Using rsync and cron to automate incremental backups

Data loss is a serious concern to both individuals and companies that rely in the use of computers for their every day life or operations. Those who have a Unix based system count with powerful tools to prevent this, such as rsync to backup the information, and cron to make the backup process automated. In previous posts I wrote about the basics of rsync and it's usage as a daemon, as well as the basics of cron. In this post the focus is on the backup functionality of rsync, and its conjoint usage with cron to automate the backup process.

How to create a reverse SSH tunnel

Sometimes that we need to connect via SSH into another computer, we find out that this computer that we intend to SSH into (which we are going to call "destiny") may be utilizing NAT and therefore it doesn't count with a public IP address that we could use to connect to it, or it may be behind a firewall that won't allow access from the outside.

If "destiny" can successfully establish a SSH connection to another computer that is accessible, we can utilize this second computer to establish a reverse SSH tunnel to our "destiny" computer, we are going to call this second computer "origin" (even if it is not actually the computer that we are going to use to manage "target" remotely, but only a bridge).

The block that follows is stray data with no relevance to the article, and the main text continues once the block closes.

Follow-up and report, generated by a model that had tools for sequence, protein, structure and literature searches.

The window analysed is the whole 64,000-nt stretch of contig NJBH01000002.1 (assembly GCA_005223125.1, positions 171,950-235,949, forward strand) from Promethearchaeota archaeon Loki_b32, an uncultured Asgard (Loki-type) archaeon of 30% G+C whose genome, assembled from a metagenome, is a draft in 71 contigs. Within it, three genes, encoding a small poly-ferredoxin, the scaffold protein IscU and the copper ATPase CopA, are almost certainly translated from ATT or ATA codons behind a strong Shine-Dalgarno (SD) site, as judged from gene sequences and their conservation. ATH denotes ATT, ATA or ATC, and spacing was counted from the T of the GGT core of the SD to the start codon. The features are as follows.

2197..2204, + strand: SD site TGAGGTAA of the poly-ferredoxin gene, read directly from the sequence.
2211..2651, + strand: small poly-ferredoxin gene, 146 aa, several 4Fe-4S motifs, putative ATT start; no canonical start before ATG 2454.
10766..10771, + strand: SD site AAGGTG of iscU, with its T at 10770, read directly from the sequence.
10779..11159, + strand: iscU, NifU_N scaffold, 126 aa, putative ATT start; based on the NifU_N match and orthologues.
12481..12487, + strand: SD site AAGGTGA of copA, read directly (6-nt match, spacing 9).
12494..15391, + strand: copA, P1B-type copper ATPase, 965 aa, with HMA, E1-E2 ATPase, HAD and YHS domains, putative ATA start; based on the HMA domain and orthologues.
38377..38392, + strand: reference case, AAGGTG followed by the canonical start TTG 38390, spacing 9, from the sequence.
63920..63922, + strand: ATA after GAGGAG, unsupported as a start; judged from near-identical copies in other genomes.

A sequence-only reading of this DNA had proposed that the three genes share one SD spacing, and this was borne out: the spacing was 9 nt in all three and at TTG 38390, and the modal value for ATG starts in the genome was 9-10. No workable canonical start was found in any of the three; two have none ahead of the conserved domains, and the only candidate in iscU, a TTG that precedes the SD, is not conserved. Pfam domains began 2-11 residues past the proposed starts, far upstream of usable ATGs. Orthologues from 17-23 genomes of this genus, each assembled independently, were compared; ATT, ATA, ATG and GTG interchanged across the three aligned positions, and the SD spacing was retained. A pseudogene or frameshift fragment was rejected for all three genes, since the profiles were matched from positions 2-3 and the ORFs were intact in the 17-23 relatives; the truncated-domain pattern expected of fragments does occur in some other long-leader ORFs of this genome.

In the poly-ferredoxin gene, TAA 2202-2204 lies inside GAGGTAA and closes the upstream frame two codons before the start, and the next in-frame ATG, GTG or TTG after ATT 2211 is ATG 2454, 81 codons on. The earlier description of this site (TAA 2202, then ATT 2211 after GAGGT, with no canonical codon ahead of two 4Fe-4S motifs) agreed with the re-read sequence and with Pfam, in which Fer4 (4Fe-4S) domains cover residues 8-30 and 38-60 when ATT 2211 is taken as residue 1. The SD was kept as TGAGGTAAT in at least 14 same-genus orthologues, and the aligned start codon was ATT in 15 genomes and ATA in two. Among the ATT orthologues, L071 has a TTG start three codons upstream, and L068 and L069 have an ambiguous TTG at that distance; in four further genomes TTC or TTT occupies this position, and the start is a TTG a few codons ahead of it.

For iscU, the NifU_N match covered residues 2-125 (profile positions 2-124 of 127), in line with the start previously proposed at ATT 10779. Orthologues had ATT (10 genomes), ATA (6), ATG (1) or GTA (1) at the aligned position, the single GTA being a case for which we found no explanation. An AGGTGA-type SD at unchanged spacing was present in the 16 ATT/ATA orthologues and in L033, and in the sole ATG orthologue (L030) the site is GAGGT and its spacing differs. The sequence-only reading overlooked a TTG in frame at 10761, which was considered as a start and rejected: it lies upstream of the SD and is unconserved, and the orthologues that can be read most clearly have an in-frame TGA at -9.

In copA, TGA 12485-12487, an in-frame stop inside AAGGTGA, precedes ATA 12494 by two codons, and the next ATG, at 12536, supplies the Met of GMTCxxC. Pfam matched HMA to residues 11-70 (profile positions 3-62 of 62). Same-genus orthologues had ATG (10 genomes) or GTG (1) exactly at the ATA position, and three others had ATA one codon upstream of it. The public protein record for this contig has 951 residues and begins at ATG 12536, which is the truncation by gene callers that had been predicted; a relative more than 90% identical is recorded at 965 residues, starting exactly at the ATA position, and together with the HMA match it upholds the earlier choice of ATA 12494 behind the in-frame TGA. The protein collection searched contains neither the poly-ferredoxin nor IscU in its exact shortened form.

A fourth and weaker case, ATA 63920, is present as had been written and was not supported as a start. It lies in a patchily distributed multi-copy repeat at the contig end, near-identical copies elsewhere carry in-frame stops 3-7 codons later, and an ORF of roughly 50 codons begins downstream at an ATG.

Defining SSH servers

If we need to log in often to the same SSH server(s), instead of type the entire connection command every time that we do it, since a connection command that may go something like this:

ssh -p 34567 username@subdomain.domain.tld

We can create a SSH configuration file that would allow us to define the parameters of a server, and then start a connection to it by simply typing the name that we gave it.

Passwordless SSH using digital signatures

When we log in via SSH to a server, a way to authenticate with it that does not require the use of a password is the use of digital signatures. What we do in this case is to generate a key pair (a public key and a private key), and then add our public key to the list of authorized keys in the server that we want to be able to log into.